Peter responds by recounting the story of what God did: How God showed him this vision of all animals now being clean, ending the division between clean and unclean foods, which in turn ended the division between clean and unclean peoples, and then how he preached the gospel to Cornelius and his household and how the Holy Spirit fell on Cornelius and his household. He talks about how basically what he saw happen to Cornelius and his household is the same thing that happened to them when they believed in Jesus. So here’s his conclusion, verse 17: “If then God gave the same gift to them as he gave to us when we believed in the Lord Jesus Christ, who was I that I could stand in God’s way?” The next responsibility of gospel-believers is to not stand in God’s way. Deciding who gets saved, baptized, and brought into the church isn’t your job; it’s God’s, and He has a people He will save, who as a result will want to get baptized and join the church. Don’t stand in God’s way.


We stand in God’s way when we refuse to proclaim the gospel to people to whom He’s sending us. We say, “That person would never believe,” but how do you know that? Or we say, “that person would never listen to me,” but again, how do you know? The gospel is good news for all peoples; don’t rule people out. But we also stand in God’s way when people do believe, and we refuse to embrace them. He’s bringing them in to His people, and we’re saying, “I don’t know; can we keep them out?” The church is a weird thing you know; it’s this community to which you belong if you’re a Christian, but you’re forbidden by God from choosing who else belongs. If God saves them, now they’re your brother or sister, even if you don’t like them, even if they aren’t who you’d have chosen to hang out with, even if they haven’t been circumcised as in this passage.


There’s a common temptation in communities we appreciate to want to “keep the circle tight.” It’s especially common in a place like Philly; people tend to move a lot, so you want to kind of find your 3-4 friends who you can actually count on for stability, huddle up, and lower the hatch. I’ve certainly felt that in my short time here, but I Mark Dever, a pastor in Washington, D.C. once said: “The desire for a wrong stability & permanence in this life and its circumstances beckons and must be resisted as an idol.” There’s nothing wrong with wanting stability, but there’s a desire for a wrong stability and permanence in this life, on this earth which is not our home, which must be resisted as an idol. That desire for stability and permanence in this life is often what makes us stand in the way of God as He’s saving people and bringing them in. Resist it. It’s the responsibility of gospel-believers to get out of God’s way by going to whomever He sends us and welcoming whomever He saves.


And finally, it’s our responsibility to rejoice in the saving work of God. That’s where our passage ends, verse 18: They glorified God, saying, “Then to the Gentiles also God has granted repentance that leads to life.” I played football for a year in high school, and I was awful at it, but I remember that year a senior on the team was trying to motivate us younger players. He referenced a big hit in the last game, and said we should have been pumped about it instead of indifferent. Let me be that senior to you today. When God saves someone, when you see someone get baptized and hear the story of how God saved them, you should be pumped about it. You should talk about it and praise God for it. I’m not talking about praising the person; notice here, they glorify God, not Cornelius and his household. They don’t say, “Isn’t Cornelius such a good God-fearer and doesn’t he do so many good works?” They glorify God for what He did in Cornelius and his household.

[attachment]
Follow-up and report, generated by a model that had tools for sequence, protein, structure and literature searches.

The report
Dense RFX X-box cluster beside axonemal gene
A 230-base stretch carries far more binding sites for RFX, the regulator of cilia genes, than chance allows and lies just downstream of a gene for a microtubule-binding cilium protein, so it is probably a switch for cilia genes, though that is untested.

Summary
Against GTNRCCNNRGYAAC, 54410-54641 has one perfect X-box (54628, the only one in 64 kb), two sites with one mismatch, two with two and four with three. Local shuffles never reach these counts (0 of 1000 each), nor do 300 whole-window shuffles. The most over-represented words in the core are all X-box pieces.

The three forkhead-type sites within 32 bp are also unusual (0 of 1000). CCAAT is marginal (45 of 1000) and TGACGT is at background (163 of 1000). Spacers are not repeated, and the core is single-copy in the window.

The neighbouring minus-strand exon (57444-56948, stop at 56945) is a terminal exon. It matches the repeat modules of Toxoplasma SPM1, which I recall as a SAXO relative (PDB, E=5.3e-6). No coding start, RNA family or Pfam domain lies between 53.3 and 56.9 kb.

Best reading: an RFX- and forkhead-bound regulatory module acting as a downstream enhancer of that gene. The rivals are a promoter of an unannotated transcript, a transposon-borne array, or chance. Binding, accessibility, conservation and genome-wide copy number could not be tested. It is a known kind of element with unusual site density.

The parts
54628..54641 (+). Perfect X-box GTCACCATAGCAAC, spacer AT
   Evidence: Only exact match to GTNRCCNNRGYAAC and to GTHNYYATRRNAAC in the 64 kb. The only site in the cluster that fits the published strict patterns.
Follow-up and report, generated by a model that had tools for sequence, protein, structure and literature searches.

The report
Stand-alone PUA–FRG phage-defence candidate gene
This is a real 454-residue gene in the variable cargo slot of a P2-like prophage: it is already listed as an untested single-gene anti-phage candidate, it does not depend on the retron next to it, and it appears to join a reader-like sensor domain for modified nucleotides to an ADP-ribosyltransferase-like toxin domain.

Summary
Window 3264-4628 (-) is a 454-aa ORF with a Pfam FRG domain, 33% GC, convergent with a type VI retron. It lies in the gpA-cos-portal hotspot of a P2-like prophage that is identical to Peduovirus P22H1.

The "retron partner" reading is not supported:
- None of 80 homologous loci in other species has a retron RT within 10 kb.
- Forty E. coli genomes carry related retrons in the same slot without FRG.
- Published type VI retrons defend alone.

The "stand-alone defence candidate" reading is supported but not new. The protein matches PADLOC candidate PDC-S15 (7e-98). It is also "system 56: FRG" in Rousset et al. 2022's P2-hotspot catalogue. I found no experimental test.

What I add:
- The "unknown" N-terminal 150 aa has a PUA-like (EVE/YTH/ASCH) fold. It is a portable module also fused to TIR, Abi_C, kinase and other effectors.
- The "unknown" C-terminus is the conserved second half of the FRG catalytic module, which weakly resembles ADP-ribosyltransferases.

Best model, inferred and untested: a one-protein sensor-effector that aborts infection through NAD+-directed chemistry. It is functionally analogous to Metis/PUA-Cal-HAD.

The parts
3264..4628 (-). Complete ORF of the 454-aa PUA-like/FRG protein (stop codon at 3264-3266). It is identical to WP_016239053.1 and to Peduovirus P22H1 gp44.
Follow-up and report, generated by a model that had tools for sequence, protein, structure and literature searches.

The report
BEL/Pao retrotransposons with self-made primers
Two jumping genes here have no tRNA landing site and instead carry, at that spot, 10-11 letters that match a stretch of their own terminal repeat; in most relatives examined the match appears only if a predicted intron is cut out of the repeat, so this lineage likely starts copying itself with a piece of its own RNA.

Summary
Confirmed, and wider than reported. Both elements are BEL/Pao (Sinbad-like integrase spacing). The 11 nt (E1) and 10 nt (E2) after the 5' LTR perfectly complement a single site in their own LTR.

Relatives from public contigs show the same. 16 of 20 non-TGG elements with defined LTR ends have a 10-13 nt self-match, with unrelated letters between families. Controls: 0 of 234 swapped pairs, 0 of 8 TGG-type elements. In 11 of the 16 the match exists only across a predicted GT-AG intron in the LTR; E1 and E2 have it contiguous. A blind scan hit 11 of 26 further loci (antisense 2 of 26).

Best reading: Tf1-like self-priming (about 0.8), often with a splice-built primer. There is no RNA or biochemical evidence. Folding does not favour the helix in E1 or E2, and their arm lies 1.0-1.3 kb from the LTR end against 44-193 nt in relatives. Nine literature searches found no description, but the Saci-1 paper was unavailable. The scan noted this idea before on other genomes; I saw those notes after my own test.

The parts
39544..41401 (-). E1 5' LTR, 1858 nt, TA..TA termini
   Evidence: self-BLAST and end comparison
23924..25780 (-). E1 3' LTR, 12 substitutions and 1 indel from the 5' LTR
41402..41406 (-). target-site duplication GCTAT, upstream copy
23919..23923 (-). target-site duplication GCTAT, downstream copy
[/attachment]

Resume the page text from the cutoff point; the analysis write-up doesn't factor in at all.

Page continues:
You know why? Because even repentance itself is something God has to grant. The gospel is good news for all peoples, but in order to actually benefit from it and receive forgiveness of sins, remember verse 43 said you have to believe? Maybe some of you felt this then, but there’s a kind of tension there: What about those who won’t believe? How can we expect all different peoples to respond to the same message? What if there’s someone who thinks they already have peace, don’t think they’re a sinner, or don’t even believe in God? Wouldn’t it be impossible for them to repent and believe the gospel? Yes. But, it would be impossible for any of us to repent and believe the gospel unless God granted us repentance that leads to life. That means when anyone gets saved, Jew, Gentile, sinner, God-fearer, Asian, European, African, rich, poor, anyone, it is our responsibility as gospel-believers to glorify God for it. The only reason they got saved is because God granted them repentance leading to life.


The gospel is good news for all peoples. Jesus is who He is: He is Lord of all. Jesus did what He did: He lived, died, and rose again for people from all the peoples of the earth, ensuring that with their sins now paid for, the Holy Spirit will come and grant repentance unto life to people from all the peoples of the earth. Get out of His way. Believe in Him today for the forgiveness of sins, welcome all those He’s saving, and worship Him for all He’s done.